I did groups today....all but one of my patients (so 4/5), plus two nursing students observing the unit for the morning, plus an extra aide doing a 1:1 with a particular patient. I always make everyone in the room participate some (ie not just patients). The first one was just a typical group, the second one was on exercise but it was extra fun because when did the actual exercise part we did a lot of silly moves like hula moves, hula hoop moves, etc...then we did the entire alphabet with our arms...like YMCA style, but from A-Z....on a lot of them we just had to do whatever we could think of, cuz who can really do a K??? lol. There was a lot of laughter and silliness, it was fun. :) The nursing students afterward let me know they enjoyed it. :)
Oh! And after group, one of our patients who used to sing, sang us all a beautiful song. It was wonderful. :) Before that, we had a singer and a chaplain who likes to sing...I get NO productivity during those times because I won't take patients out of the only truly fun experience they'll probably have that day so unless a patient refuses to join the group, I do other stuff.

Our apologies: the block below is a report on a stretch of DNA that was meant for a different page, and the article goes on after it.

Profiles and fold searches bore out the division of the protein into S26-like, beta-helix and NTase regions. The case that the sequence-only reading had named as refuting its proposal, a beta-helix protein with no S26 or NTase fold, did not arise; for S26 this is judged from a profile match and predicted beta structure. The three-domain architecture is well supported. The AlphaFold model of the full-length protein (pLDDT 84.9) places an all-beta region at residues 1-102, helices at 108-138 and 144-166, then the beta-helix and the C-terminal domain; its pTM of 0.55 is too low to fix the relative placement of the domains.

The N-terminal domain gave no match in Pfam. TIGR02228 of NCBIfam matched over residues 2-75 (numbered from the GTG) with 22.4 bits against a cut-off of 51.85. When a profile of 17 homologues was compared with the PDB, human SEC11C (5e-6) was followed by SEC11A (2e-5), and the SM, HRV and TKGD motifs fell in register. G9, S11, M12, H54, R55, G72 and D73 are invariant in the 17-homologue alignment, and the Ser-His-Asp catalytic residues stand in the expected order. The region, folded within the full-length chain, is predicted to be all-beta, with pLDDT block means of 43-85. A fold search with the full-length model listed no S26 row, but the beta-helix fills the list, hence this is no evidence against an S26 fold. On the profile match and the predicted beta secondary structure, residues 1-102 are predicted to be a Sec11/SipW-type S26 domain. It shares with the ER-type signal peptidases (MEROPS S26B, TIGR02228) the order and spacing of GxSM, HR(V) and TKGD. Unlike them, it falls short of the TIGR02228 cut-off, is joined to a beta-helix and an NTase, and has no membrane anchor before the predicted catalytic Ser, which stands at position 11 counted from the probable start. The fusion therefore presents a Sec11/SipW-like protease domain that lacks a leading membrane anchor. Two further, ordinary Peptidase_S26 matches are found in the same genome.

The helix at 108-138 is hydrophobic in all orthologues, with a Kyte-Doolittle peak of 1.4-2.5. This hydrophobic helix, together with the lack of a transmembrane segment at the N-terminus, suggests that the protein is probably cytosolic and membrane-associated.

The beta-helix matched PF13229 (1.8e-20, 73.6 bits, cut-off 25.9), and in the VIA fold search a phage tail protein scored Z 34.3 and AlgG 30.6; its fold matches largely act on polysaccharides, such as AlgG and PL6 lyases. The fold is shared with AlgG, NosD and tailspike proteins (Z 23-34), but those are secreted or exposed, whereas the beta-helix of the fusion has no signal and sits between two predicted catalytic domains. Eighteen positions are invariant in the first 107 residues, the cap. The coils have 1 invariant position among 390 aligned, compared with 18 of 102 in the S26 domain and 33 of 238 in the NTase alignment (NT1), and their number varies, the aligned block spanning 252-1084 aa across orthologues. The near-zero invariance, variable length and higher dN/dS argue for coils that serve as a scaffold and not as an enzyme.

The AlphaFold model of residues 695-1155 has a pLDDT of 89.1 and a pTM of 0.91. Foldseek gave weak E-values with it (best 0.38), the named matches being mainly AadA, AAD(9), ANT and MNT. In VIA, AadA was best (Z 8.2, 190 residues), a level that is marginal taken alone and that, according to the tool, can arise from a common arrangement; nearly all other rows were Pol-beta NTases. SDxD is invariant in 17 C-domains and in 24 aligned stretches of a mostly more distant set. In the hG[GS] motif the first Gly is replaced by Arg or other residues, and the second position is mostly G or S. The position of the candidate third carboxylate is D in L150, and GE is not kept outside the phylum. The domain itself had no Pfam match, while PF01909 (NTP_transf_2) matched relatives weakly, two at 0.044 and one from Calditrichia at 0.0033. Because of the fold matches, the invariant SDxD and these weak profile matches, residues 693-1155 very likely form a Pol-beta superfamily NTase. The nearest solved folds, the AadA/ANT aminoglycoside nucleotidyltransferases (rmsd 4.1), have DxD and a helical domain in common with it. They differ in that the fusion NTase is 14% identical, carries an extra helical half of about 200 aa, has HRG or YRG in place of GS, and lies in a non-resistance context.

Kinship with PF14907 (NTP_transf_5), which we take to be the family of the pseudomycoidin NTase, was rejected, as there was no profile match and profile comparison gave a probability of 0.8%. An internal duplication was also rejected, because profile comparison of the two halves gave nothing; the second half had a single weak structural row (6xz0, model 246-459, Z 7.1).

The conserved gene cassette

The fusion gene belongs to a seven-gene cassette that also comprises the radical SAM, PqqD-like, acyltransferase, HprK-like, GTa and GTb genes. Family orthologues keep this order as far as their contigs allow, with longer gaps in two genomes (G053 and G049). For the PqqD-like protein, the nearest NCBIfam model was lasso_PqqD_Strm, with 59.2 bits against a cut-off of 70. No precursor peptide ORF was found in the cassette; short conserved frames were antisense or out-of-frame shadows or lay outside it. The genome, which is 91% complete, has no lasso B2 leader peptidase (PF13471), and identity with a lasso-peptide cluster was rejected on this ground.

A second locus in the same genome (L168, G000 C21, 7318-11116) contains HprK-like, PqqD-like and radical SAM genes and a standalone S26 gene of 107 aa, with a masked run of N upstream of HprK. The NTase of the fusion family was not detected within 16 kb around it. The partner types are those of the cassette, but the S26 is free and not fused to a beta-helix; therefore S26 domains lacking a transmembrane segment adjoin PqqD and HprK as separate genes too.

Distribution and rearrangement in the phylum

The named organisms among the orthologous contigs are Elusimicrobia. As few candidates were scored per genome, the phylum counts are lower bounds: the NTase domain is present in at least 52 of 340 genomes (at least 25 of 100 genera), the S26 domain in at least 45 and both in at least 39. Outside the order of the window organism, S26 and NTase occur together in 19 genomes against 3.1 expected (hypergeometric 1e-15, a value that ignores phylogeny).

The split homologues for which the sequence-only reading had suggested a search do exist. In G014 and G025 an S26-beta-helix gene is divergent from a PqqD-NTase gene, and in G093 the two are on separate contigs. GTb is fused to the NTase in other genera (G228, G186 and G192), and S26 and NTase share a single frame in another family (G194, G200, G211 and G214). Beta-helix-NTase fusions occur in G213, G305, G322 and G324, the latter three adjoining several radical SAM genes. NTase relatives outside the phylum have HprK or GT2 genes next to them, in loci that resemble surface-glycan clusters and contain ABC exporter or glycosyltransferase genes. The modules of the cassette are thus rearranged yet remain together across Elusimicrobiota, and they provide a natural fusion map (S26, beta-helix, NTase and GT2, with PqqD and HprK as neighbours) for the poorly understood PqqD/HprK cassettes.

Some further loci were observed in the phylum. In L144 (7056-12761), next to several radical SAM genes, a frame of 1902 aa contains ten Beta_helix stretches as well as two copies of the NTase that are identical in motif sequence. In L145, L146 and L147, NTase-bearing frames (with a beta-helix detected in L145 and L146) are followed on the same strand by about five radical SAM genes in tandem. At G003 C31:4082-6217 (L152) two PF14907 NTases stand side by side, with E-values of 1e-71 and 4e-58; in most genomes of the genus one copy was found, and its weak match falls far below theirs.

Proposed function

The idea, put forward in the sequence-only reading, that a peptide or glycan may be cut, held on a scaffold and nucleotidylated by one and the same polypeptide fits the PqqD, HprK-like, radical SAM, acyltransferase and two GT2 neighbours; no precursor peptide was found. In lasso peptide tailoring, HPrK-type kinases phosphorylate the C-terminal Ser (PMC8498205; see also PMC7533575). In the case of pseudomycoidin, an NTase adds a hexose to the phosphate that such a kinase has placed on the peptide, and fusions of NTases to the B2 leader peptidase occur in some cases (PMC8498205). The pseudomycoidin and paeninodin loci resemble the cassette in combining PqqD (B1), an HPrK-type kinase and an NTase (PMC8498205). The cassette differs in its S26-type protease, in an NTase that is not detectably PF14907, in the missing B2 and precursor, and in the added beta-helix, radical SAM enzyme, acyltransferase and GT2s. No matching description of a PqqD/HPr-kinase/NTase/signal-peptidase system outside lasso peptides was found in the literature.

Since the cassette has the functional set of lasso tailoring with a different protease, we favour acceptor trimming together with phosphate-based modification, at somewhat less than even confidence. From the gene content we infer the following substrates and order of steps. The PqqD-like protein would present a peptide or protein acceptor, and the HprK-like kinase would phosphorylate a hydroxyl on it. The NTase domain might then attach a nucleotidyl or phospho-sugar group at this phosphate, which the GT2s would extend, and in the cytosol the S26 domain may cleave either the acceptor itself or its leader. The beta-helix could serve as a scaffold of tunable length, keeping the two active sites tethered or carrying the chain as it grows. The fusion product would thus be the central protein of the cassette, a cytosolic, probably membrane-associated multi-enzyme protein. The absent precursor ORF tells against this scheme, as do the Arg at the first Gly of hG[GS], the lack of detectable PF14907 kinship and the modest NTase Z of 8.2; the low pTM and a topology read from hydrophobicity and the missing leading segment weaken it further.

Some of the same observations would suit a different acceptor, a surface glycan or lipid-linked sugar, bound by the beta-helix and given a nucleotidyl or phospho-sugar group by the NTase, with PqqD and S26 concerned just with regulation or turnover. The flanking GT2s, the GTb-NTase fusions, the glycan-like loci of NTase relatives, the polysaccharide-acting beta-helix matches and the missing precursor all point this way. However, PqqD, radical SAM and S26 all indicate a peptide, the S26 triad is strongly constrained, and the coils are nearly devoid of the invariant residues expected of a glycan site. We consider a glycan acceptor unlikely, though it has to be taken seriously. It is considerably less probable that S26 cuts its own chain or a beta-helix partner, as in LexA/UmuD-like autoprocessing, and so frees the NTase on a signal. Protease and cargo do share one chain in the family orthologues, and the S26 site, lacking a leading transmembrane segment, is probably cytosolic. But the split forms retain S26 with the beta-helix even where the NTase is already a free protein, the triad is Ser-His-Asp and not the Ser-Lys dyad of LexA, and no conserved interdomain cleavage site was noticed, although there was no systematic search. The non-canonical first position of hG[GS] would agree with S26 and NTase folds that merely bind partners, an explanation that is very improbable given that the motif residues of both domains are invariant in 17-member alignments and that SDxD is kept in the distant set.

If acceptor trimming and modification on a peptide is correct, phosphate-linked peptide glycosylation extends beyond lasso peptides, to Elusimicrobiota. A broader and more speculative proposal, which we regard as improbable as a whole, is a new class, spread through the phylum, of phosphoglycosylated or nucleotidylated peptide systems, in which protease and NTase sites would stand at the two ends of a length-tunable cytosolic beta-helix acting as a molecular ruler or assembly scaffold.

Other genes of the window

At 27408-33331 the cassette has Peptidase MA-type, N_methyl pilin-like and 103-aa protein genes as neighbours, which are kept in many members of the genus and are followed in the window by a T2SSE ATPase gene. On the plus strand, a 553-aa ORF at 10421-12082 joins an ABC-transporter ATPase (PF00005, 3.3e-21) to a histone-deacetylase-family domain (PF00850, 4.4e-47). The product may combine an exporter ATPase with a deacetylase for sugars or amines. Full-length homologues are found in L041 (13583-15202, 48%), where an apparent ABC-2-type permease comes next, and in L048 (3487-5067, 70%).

I did a session on discharge planning...ie what to be prepared for after discharge in terms of having support systems in place, leisure activities and/or goals prepped, keeping doctor appts/taking medicines until told to stop [ so many behavioral patients start feeling better and think Oh, I'm cured, I can stop taking my meds!]...stuff like that.
Did a shower...some other grooming/random ADLs....oh...I've gotten better at handling intimate moments without even thinking about it...a few days ago I had to adjust a lady's urinary incontinence pad while it was already in her underwear that she was wearing - long story as to why but believe me it was justified - so I literally had to put my (gloved) hand into her underwear, with her permission of course, because the alternative would have been much more fatiguing for the patient. Nine months ago I would have been like WHAT?!!!!!!!! Adjusting breasts? Sticking my hand in underwear? Oh hell no. But you really do get used to it.
Oh, and someone actually identified my molecular (serotonin) necklace today, she has a friend with a madewithmolecules necklace too!
Three highlights of my day!!!